recommended reading

Audit: NASA not doing enough to combat fraud in business program

The NASA Inspector General's office released a report Wednesday detailing more than $2 million of waste and fraud involving NASA research grants provided in conjunction with the Small Business Administration's Small Business Innovation Research program.

The audit was initiated after an investigation found unscrupulous applicants collected payments multiple times. The SBIR program works with other federal agencies such as NASA to direct federal research dollars to qualified small businesses.

The review found that "while NASA's initial choice of SBIR award recipients appeared objective and merit-based, its oversight and monitoring of awards was deficient," with the result that about 25 percent of the awards included improper payments totaling $2.7 million.

In response to the IG report, Senate Commerce Committee Chairman John (Jay) Rockefeller, D-W.Va., urged NASA to quickly implement the inspector general's recommendations. They included calling on the agency to implement 24 internal controls aimed at helping to prevent and detect SBIR fraud and abuse such as better training for SBIR evaluators and enhanced cooperation with SBA on combating waste and fraud.

"Government-supported scientific research and innovation is one of the keys to our country's future economic growth. We can't afford to lose any of our precious research and development dollars to waste, fraud or abuse," Rockefeller said in a statement.

The Senate passed legislation in the last Congress to reauthorize SBIR and the SBA's Small Business Technology Transfer program that included language added by Rockefeller and Senate Small Business ranking member Olympia Snowe, R-Maine, aimed at addressing concerns about fraud and abuse, Rockefeller said. The bill, however, died in the House.

Snowe said the IG's report "highlights the need for Congress to pass comprehensive legislation reauthorizing the SBIR program and providing agencies with the necessary tools to improve their oversight efforts."

Threatwatch Alert

Thousands of cyber attacks occur each day

See the latest threats


Close [ x ] More from Nextgov

Thank you for subscribing to newsletters from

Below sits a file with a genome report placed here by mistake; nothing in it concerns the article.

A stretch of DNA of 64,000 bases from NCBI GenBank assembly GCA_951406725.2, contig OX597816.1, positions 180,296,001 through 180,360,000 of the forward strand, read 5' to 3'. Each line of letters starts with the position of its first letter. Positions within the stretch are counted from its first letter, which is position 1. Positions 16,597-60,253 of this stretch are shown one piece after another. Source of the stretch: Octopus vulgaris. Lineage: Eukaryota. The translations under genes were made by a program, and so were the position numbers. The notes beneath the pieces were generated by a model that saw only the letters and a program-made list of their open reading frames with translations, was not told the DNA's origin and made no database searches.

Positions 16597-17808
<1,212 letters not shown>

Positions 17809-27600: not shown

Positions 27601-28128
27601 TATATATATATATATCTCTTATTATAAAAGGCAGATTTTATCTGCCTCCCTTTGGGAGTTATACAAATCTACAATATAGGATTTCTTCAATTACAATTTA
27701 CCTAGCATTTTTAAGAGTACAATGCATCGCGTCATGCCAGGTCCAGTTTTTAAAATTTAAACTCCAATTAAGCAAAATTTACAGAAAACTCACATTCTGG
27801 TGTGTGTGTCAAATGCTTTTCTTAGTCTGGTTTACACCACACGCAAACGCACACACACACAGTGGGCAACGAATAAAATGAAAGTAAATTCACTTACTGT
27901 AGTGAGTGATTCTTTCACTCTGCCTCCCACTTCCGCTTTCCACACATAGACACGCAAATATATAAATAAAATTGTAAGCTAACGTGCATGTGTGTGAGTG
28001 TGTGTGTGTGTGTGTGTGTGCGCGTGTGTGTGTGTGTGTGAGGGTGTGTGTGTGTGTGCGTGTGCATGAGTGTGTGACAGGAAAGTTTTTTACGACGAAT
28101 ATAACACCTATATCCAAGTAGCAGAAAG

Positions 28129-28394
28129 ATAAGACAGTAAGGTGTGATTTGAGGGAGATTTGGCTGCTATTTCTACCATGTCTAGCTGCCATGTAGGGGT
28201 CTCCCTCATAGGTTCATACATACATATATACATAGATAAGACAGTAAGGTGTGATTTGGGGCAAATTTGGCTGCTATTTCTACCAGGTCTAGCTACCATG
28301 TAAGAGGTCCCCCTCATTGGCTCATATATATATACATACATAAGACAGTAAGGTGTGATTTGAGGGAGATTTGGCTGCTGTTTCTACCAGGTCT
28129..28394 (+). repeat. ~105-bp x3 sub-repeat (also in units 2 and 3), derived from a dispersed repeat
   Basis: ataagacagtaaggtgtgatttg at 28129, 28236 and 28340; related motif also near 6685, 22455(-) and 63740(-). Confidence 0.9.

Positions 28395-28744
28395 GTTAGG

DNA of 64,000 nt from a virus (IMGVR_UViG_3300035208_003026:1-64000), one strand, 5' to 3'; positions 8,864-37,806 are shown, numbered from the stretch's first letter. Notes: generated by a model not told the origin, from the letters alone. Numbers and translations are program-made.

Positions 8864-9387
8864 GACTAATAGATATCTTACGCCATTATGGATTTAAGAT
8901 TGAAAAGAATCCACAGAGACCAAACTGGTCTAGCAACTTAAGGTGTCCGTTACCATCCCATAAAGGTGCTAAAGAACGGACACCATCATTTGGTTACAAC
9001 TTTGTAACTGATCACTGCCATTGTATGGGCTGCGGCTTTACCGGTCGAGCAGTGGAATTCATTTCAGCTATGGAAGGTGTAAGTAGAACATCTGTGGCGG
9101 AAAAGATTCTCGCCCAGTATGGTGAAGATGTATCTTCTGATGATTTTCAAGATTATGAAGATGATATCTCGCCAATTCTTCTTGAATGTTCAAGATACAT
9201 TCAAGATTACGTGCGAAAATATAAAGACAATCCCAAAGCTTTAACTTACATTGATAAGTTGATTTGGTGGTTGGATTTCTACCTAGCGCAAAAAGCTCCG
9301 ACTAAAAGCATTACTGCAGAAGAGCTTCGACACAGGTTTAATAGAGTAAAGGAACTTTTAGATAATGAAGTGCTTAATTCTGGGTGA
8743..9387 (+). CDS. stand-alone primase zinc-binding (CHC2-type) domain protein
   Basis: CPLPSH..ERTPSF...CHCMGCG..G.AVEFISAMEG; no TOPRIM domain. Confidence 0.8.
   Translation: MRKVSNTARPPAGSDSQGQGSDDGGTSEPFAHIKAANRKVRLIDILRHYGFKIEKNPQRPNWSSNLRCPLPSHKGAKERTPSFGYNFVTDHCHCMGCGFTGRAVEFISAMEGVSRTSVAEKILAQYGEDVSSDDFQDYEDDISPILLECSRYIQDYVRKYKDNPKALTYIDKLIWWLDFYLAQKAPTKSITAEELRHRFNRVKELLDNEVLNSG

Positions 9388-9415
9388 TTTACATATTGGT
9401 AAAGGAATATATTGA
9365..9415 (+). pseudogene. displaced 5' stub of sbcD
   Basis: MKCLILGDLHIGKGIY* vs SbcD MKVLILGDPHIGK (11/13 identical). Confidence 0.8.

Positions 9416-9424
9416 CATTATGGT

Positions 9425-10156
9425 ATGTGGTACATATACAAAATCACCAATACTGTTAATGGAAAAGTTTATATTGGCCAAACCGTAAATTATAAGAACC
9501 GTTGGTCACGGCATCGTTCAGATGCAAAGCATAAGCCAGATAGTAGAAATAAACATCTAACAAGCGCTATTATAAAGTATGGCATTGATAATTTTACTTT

We think these reports might interest you:

  • Featured Content from RSA Conference: Dissed by NIST

    Learn more about the latest draft of the U.S. National Institute of Standards and Technology guidance document on authentication and lifecycle management.

  • PIV- I And Multifactor Authentication: The Best Defense for Federal Government Contractors

    This white paper explores NIST SP 800-171 and why compliance is critical to federal government contractors, especially those that work with the Department of Defense, as well as how leveraging PIV-I credentialing with multifactor authentication can be used as a defense against cyberattacks

  • Toward A More Innovative Government

    This research study aims to understand how state and local leaders regard their agency’s innovation efforts and what they are doing to overcome the challenges they face in successfully implementing these efforts.

  • From Volume to Value: UK’s NHS Digital Provides U.S. Healthcare Agencies A Roadmap For Value-Based Payment Models

    The U.S. healthcare industry is rapidly moving away from traditional fee-for-service models and towards value-based purchasing that reimburses physicians for quality of care in place of frequency of care.

  • GBC Flash Poll: Is Your Agency Safe?

    Federal leaders weigh in on the state of information security

  • Data-Centric Security vs. Database-Level Security

    Database-level encryption had its origins in the 1990s and early 2000s in response to very basic risks which largely revolved around the theft of servers, backup tapes and other physical-layer assets. As noted in Verizon’s 2014, Data Breach Investigations Report (DBIR)1, threats today are far more advanced and dangerous.


When you download a report, your information may be shared with the underwriters of that document.